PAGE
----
Photo by Austin Hronich/The Simpsonian

Professor Lau revamps SC class, focuses on diversity in musical theatre

September 12, 2018

Matthew Lau, assistant professor of music at Simpson College, had the life many can only dream of: a Grammy Award-winning recording artist living in New York City and traveling the world.

Now he continues to perform while teaching in small-town Iowa. One course he’s devoted a lot of time to is his Simpson Colloquium course: the American musical and diversity.

Nineteen students are enrolled in his SC course. Not all are music majors. Lau has the most diverse class he has ever taught or seen, he said.

His SC Leader, Annelise Minnick, also noticed the diversity within the class.

“This class is great because we have several students who don’t really have any experience with musicals, and I couldn’t ask for a better way to learn about musical theatre and how it is ingrained in our American history,” she said.

Lau taught this course two years ago under a different course title and with less emphasis on diversity.

In 2017, he was awarded a research grant, which allowed him to travel to the New York Library for the Performing Arts in New York City and the National Museum of African History and Culture in Washington, D.C.

He dug through the archives and used his research to revamp the course. It will help students understand the challenges and changes to the performing arts based on the societal factors of the time, he said.

The course examines the last 100 years of American Broadway musical theatre, artistic approaches, how those approaches have changed and societal forces that shaped musical theatre.

It also places emphasis on six of the most influential pieces in the development of American musicals and their diversity, starting in 1927 with “Show Boat” and ending in 2015 with “Hamilton.”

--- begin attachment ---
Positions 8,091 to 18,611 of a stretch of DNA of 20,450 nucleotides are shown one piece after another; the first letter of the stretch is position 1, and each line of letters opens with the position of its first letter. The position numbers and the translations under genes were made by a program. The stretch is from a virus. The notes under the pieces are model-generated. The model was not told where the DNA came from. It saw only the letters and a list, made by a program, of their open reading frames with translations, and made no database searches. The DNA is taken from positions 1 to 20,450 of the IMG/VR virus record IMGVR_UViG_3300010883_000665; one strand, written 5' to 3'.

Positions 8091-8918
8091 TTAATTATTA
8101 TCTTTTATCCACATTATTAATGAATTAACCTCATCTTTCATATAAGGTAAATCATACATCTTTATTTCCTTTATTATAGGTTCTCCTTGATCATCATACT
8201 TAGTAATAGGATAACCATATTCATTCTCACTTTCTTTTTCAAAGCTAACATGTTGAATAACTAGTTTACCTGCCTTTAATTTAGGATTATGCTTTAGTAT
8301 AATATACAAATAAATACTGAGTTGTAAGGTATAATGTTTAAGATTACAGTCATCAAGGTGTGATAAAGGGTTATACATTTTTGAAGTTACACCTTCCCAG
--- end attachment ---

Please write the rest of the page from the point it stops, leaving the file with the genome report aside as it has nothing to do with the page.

Minnick expects the new diversity component to help students.

“I think this will help them maybe be a step ahead, more engaged, more ready to shoot those things down when they appear, especially because I believe this class is very diverse in many different ways, and I feel like they’ll be ready to take on whatever’s thrown at them,” she said when describing how the diversity component can help students. “I feel like this will help them see how kind of tortured our past is and that not everything has been pretty.”

Freshman Star Pralle, an English and secondary education major, recognizes the importance of diversity in the course.

“I am looking forward to learning about the impact on society musicals,” she said. “At the end of the semester, I hope that I will have a better understanding of the artistry of the American musical and the varied factors, including diversity, that influence each show before opening night.”

Lau said he expects Broadway to significantly change in the coming years to reflect the increasing diversity in the U.S.

No matter the status of the industry, Lau’s extensive career allows him to share wisdom with his students.

Lau was introduced to Simpson about 27 years ago through a performance. He came back to the area for about 10 different roles and became well-acquainted with the college and music department.

When a teaching position opened up eight years ago, he couldn’t turn it down.

Before Simpson, Lau spent his early adulthood finding his calling. In high school, he said he became addicted to theatre.